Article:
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Loading the Canon

In response to:

Whose American Renaissance? from the October 27, 1988 issue

To the Editors:

I was pleased by Frederick Crews’s generally positive comments about my book Beneath the American Renaissance in his essay-review “Whose American Renaissance?” [NYR, October 27, 1988]. I was appalled, however, to see my broad-ranging scholarship ultimately presented as a polemic against canon revision.

Crews creates an artificial polarization between me and some of my colleagues in the field (he calls them “the new Americanists”). As a young scholar politically shaped by the Sixties, I have an unflagging curiosity about noncanonical, forgotten literature, especially those of women and minorities. In my book I have unearthed a host of lost texts—many of them radical in theme and style—that I trust will now be considered by other scholars and the general public. Crews minimizes the fact that I’m the first to discuss such seriously radical, politically active authors as the suffragists Laura Curtis Bullard and Lillie Devereux Blake, the feminist Alice Cary, the antislavery novelist Richard Hildreth, the socialist George Lippard, the working-class author George Foster, and other progressive writers.

Perhaps some of the authors I’ve resurrected will, in time, be admitted into the canon. But canon revision doesn’t happen overnight; it takes comprehensive reading and longterm debate. My book was intended to illuminate some cultural roots of our familiar writers and to resurrect new texts for inspection by those interested in revising the canon. The critics Crews calls “radicals” should want to be the first to join me in studying these new texts. It only makes sense that in sifting through them we use coherent standards for separating the cultural chaff from the literary wheat.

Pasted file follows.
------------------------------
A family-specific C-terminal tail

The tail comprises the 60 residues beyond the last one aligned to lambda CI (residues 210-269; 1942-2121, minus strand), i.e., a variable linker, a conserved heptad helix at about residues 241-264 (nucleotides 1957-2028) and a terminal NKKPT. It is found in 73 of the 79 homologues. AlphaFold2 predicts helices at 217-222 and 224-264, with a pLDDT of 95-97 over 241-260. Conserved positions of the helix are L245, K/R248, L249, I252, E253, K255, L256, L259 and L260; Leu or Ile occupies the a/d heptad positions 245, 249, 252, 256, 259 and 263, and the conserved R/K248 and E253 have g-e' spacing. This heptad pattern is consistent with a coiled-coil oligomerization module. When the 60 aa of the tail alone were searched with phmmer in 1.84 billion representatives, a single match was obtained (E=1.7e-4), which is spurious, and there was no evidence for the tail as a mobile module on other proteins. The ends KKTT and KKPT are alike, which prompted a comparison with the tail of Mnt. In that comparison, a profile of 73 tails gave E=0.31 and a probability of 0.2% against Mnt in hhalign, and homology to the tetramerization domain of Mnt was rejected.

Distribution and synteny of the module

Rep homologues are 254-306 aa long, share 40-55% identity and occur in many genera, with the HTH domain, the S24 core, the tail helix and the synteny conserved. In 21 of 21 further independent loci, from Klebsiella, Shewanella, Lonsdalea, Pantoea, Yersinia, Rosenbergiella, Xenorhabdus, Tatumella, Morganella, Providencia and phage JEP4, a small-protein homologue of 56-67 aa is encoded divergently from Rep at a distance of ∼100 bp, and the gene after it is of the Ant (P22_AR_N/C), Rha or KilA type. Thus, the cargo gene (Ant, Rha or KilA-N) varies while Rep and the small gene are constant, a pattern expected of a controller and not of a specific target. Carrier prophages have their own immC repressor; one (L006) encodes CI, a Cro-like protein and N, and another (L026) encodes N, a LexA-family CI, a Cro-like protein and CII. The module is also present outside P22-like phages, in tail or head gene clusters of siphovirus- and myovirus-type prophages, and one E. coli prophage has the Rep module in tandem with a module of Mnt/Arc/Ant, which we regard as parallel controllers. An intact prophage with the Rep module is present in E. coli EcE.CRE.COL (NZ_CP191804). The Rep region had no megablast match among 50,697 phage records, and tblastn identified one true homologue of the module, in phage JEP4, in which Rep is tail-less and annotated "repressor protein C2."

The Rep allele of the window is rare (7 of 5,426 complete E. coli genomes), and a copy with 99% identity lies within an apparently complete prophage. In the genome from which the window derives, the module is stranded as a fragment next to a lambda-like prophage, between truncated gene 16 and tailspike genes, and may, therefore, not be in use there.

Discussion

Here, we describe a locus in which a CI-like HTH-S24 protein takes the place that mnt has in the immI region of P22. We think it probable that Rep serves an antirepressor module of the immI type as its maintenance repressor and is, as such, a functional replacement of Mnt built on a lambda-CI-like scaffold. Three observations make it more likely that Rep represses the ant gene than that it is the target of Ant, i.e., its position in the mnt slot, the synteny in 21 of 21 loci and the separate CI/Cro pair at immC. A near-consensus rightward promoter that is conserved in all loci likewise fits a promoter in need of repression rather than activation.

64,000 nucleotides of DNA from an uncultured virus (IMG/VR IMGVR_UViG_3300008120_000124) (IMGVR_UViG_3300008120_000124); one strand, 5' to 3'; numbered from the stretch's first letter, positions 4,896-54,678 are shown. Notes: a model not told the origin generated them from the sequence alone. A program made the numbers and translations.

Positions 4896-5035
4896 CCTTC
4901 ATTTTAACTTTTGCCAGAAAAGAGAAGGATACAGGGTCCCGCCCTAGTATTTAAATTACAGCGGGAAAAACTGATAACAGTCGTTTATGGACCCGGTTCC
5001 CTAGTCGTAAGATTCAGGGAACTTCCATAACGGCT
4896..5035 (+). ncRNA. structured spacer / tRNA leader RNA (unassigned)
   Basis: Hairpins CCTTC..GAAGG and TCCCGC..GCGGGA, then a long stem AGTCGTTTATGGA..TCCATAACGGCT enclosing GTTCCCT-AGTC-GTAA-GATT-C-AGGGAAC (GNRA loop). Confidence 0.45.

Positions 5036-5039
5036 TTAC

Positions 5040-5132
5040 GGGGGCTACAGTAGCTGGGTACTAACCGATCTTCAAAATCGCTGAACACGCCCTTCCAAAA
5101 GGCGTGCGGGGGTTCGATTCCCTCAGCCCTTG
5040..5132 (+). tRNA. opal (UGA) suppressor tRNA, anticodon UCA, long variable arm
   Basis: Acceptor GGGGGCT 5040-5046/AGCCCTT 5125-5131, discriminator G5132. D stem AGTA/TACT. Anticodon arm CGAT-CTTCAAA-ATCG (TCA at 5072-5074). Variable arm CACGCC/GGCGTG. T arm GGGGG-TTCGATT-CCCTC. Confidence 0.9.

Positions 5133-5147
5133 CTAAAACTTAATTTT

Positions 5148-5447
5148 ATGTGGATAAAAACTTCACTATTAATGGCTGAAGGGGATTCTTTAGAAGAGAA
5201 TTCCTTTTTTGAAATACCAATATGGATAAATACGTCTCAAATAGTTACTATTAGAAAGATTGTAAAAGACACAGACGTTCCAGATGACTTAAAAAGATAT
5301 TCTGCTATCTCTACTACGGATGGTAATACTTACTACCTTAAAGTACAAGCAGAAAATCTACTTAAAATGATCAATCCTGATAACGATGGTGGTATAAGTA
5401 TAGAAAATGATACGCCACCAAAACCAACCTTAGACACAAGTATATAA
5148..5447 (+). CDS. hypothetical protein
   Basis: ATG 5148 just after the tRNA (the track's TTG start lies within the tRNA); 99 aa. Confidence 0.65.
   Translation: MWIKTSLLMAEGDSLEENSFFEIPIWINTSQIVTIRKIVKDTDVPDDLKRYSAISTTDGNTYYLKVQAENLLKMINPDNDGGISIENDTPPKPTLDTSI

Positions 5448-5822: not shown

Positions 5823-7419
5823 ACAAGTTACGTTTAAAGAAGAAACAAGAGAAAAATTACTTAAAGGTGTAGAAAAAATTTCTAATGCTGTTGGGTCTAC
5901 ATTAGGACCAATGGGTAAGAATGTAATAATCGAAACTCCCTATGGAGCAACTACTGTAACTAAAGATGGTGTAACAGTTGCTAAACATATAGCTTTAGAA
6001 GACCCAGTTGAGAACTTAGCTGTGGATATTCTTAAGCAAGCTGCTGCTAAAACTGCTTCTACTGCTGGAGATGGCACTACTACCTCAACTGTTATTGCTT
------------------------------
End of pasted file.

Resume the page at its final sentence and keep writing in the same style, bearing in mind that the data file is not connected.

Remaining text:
David S. Reynolds
Rutgers University
New Brunswick, New Jersey

Frederick Crews replies:

Omnibus essay-reviews never do full justice to the works they touch on, but I thought I had come closer with David Reynolds’s book than with the seven others I considered. I did not characterize Beneath the American Renaissance as “a polemic against canon revision” but as a piece of “prodigious research” that “introduces us to a great many little-known and forgotten popular writings of the antebellum era.” That is just what Reynolds now wants us to bear in mind. Reynolds hopes we will forget, however, that Beneath the American Renaissance inserts its acts of recovery into a rigidly deductive scheme of evaluation, whereby authentically “literary” antebellum works are distinguished from all others by their possession of certain uniform traits. In what he tellingly calls “the small group of literary texts,” for example, “ambiguity or mystery itself becomes a central issue consciously treated.” This means—and Beneath the American Renaissance repeatedly insists—that works failing to make ambiguity a conscious issue are ipso facto deficient in “literariness.” Such a position, automatically downgrading books such as Uncle Tom’s Cabin and Frederick Douglass’s Narrative, hardly anticipates the canon revision to which Reynolds now professes hospitality.

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